Tag: bryce johnson

Something, Anything


Something, Anything (2014)
★★★ / ★★★★

Peggy (Ashley Shelton) and Mark (Bryce Johnson), recently married, seemed set to having a lifetime of contentment together until Peggy miscarried. Although it is no one’s fault, Peggy remains angry with her husband because the night she lost their baby, Mark insisted that she came along to a bar for a work meeting even though she had not been feeling well. A few months pass and although they remain married, Peggy has moved out and is beginning to consider leaving her job as a realtor.

“Something, Anything” is a thoughtful, engaging drama that is equally about expressed emotions, words, and glances as well as its unexpressed counterparts. It demands the viewer to pay attention to the circumstances surrounding the woman who is in dire need of change and consideration about what she might get out of the experience regardless of it working out. At its core, it is a humanistic film. It is one of those rare movies that asks us to evaluate whether we really are content with where we are in life currently.

There is no good guy or bad guy or an expected conflict where the girl must choose the man she wants to be with in the end. There are two men in the movie—one is Mark and the other is Tim (Linds Edwards), the brother of Peggy’s friend from high school who sends her a letter of condolence after her miscarriage. Word has it that Tim has joined a monastery. The two men’s priorities in life are vastly different but both are good-natured. Peggy considers each man as a reflection of where her own life might be heading.

There are segments in the picture where no words are used. We are asked to be observant of the kind of activities Peggy chooses to partake in, what books she chooses to check out from the library, the objects she puts away, how she puts them away, her posture as she engages in solitary activity. Here, grief is almost always expressed in silence. There is no wise counseling session. There are no supportive friends. In fact, her friends are shallow, their so-called advice more telling of who they really are underneath rather than one that is supposed to help out a friend who needs genuine love and support.

The material touches upon the idea of many of us blindly following along what the society expects of us to do once we reach a certain age. For example, pay close attention to the scenes where money is directly or indirectly talked about. In a way, it is brave because the film is willing to hold up a mirror, to ask us to take a good look, and to evaluate. Are you the kind of person who live for the money or are you the kind of person who regards money as only money and uses it to really live? The picture makes a noble case that in modern society, too many of us fall within the former group—which is most unhealthy.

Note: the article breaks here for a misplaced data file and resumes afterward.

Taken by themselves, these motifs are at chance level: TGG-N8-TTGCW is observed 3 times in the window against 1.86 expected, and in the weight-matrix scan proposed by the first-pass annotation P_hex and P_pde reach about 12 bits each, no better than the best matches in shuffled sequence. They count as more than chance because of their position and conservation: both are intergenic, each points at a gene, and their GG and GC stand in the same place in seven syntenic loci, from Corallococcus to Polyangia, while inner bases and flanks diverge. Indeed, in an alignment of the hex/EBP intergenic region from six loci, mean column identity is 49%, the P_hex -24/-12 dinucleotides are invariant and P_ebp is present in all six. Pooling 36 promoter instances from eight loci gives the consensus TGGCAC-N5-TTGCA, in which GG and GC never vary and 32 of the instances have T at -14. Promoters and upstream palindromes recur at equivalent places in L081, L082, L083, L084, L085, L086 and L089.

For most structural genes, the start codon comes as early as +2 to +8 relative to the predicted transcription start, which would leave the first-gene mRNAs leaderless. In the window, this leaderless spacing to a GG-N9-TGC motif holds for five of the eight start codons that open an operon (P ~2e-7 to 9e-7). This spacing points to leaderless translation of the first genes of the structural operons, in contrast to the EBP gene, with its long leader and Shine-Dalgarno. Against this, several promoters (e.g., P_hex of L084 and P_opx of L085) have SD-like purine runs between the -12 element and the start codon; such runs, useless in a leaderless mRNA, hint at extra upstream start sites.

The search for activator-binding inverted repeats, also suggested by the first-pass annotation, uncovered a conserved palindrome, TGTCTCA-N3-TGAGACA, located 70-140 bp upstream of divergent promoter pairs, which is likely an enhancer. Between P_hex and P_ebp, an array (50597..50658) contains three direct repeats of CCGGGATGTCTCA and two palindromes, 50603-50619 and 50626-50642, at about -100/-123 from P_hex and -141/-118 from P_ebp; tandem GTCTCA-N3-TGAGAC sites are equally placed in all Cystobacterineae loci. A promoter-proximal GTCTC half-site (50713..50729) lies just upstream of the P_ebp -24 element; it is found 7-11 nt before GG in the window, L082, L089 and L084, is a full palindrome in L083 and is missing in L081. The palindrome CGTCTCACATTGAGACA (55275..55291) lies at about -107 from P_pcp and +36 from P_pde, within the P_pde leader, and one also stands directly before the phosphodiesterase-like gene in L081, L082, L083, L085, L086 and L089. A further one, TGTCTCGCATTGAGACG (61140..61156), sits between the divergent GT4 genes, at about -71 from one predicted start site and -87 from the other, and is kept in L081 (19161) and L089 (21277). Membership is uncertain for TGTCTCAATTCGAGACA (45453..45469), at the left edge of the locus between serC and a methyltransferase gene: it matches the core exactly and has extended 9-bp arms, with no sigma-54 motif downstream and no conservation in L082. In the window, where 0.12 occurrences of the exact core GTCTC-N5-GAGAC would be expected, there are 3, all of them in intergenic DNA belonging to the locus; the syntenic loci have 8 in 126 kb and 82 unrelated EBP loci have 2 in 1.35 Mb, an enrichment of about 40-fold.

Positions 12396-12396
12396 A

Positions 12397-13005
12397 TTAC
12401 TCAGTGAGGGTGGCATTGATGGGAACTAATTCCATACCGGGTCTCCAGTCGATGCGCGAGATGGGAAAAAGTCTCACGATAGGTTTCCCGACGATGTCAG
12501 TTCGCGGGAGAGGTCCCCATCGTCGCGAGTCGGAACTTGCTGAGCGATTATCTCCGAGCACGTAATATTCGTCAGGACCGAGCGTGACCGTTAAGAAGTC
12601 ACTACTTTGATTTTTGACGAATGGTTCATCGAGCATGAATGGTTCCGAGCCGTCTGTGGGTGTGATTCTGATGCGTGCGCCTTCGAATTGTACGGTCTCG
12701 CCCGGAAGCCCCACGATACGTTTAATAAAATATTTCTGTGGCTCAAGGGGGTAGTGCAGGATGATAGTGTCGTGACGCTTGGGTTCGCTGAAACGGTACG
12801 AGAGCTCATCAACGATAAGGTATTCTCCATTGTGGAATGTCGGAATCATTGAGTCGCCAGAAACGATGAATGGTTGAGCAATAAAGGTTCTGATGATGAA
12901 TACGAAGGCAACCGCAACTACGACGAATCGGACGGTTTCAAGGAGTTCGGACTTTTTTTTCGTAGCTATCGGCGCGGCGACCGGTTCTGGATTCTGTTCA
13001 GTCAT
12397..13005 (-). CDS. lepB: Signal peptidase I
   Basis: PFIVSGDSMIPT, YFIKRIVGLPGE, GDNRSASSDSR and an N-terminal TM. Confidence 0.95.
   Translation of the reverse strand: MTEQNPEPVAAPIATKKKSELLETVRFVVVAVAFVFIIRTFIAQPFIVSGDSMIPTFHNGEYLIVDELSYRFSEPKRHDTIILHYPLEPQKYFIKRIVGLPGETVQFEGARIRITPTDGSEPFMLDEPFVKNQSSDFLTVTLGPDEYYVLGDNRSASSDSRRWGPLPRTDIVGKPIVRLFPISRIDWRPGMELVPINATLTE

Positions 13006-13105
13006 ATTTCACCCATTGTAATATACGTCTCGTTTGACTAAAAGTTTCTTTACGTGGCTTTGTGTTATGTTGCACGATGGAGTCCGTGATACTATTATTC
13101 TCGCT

Divided into four seasons, the story, although straightforward, is bigger than a span of ninety minutes. Some movies last for about twice that running time yet still struggle to communicate a quarter of what is tackled here. This makes “Something, Anything,” written and directed by Paul Harrill, quite an accomplishment. It is a small film surely but its ideas reach deep into the souls of those willing to look within.

Willow Creek


Willow Creek (2013)
★★★ / ★★★★

A firm believer that Bigfoot actually exists, Jim (Bryce Johnson) invites his girlfriend, Kelly (Alexie Gilmore), to go on a camping trip with him to Shasta-Trinity National Forest and find the area where Roger Patterson and Robert Gimlin supposedly captured Bigfoot on film in 1967. Along the way, they interview residents of Willow Creek, the Bigfoot capital, and a few give caution that the couple ought to stay away from the woods. After all, bears, mountains lions, rattlesnakes, and other creatures roam free there.

If “Willow Creek” had been released right before Daniel Myrick and Eduardo Sánchez’ highly influential “The Blair Witch Project,” people would likely to have believed that it was indeed a real found footage film. Supernatural elements are kept at a bare minimum. Some might argue there is no supernatural element at all. The picture may not have very many scares but once it reaches the climax, its sharp claws do not let go of our attention.

I am referring to the exemplary tent scene where the take appears to go uninterrupted for about half an hour. It is so simple but extremely effective: Two people woken up in the middle of the night, clearly out of their depths, by strange noises in the woods. First they hear knocking sounds from afar. Kelly, a Bigfoot non-believer, claims it is only a prank.